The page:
Savage Mill stands today as a tribute to the Industrial Revolution, a period in American history that transformed the way work was done and shaped the trajectory of our young country. Below are our top 5 historical facts!
Savage Mill was established just downstream of the confluence of the Little and Middle Patuxent rivers. Harnessing the natural power of the river to run its massive water wheel, it spun cotton, shipped by train from the South, into cotton duck (canvas) for ship’s sails and soldier’s tents. Did you know that ruins of the massive turbines, millrace, and dam can still be viewed from the network of scenic trails along the riverbanks?
Why is the town named Savage? Some might think it’s because of the rapids just upstream, similar to the Savage River in Western Maryland. But that’s not the case here. The Mill’s founders, the Williams brothers, named the town after their friend John Savage, who loaned them money to build the Mill. It is fitting, though!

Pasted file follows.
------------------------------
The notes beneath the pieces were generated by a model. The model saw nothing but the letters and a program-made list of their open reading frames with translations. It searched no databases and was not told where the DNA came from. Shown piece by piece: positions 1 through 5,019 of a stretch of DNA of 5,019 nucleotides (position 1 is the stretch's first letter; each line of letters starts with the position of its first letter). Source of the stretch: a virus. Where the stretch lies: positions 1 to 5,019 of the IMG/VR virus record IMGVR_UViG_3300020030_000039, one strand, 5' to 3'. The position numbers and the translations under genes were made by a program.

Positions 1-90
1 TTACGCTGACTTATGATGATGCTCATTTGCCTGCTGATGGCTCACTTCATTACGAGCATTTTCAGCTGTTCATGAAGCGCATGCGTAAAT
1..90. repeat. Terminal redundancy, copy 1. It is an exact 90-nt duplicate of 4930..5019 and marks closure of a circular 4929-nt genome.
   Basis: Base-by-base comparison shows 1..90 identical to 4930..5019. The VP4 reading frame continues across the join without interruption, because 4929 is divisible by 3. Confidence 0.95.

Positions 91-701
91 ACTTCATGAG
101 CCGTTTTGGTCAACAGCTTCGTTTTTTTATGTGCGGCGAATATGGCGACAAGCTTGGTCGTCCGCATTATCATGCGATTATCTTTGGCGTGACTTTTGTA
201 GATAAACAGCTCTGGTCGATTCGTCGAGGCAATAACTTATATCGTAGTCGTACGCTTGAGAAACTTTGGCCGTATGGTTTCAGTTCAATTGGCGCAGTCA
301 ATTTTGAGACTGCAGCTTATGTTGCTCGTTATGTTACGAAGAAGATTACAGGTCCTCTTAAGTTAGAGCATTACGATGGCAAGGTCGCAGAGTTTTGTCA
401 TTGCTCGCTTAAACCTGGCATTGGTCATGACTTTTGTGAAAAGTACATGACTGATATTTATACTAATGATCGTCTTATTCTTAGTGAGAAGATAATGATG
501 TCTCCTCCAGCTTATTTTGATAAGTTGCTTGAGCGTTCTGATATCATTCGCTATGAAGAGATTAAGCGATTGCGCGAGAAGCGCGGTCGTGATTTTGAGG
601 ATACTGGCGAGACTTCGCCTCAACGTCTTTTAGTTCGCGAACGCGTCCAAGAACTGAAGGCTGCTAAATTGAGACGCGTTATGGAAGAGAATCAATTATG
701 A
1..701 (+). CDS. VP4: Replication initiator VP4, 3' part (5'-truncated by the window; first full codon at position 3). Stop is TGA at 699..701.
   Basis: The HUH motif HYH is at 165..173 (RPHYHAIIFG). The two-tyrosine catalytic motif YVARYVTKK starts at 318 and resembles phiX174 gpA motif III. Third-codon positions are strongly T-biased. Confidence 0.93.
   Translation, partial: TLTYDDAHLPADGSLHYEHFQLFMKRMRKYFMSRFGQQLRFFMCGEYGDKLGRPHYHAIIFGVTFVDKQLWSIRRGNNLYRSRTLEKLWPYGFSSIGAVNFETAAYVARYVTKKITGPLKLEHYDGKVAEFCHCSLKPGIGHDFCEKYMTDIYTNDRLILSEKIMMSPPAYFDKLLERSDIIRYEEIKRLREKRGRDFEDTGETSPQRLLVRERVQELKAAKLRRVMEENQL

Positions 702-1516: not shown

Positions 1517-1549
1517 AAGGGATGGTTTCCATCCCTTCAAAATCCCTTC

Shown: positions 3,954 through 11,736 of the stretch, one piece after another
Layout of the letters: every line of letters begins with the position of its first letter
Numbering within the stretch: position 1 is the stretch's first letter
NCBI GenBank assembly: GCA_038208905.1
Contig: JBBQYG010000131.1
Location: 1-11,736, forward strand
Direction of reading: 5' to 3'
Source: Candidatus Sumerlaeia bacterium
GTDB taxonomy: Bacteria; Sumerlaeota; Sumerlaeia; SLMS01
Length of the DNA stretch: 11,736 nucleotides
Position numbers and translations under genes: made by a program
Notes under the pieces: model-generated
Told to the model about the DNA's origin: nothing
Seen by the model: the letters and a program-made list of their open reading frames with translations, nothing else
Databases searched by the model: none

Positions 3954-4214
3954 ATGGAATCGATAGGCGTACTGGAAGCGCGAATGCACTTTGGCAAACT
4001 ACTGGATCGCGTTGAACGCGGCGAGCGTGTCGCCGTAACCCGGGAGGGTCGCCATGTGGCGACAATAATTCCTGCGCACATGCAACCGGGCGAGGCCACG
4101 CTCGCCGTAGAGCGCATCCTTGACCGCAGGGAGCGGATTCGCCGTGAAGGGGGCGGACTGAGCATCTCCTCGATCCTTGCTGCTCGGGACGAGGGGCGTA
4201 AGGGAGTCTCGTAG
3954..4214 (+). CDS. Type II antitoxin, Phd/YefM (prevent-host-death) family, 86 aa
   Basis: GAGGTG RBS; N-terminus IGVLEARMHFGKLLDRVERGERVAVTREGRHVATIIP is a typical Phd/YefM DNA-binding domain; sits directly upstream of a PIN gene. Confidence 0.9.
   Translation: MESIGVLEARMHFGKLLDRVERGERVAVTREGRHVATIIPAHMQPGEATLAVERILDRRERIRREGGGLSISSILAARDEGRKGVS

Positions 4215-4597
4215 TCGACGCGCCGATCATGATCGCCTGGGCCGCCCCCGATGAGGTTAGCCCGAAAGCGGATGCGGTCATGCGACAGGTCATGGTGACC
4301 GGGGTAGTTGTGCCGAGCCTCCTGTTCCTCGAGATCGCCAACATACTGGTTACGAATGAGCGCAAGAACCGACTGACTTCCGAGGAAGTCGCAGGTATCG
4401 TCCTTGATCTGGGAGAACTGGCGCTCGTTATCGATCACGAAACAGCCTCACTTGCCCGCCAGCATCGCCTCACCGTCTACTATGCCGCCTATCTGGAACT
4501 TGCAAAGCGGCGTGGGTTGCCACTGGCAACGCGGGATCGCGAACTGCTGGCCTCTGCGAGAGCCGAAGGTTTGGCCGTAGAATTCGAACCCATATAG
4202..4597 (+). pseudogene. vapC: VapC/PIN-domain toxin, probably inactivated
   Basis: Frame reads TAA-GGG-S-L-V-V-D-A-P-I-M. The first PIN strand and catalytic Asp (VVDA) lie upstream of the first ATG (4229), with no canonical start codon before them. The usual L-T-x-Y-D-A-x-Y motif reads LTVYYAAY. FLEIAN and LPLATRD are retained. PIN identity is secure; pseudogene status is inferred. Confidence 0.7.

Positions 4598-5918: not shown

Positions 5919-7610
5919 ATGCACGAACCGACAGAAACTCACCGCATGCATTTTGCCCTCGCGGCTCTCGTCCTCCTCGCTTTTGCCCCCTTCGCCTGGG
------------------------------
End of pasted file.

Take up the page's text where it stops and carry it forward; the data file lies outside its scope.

What’s special about the beautiful red Bollman truss bridge beside the Mill? It’s one of the oldest standing iron railroad bridges in the US. Designed by a self-taught Baltimore engineer, Wendel Bollman, it lays claim to being the first-ever Historic Civil Engineering Landmark. A little-known fact: it was actually moved from another location on the Baltimore and Ohio (B&O) railroad to its present-day location.
The Mill closed shortly after World War II due to a sharp drop in demand for its products. But Baltimore businessman Harry Heim had big plans for the Mill and town. He reopened the Mill as a Christmas ornament factory and revamped the town into a year-round Christmas village, transforming the millworker housing, community center, and town square for his purposes. But despite an initial booming success, with thousands of visitors arriving by train from Baltimore and Washington, the endeavor closed less than two years later.
Today the Mill thrives as a unique shopping and dining destination in the region. The management office preserves and maintains the building for its tenants and the public. Its staff operates out of the original Paymaster’s Office, with its safe for securing the millworkers’ pay. But fortunately none of them has to work the grueling 10 hours a day, 6 days a week that the millworkers had to endure.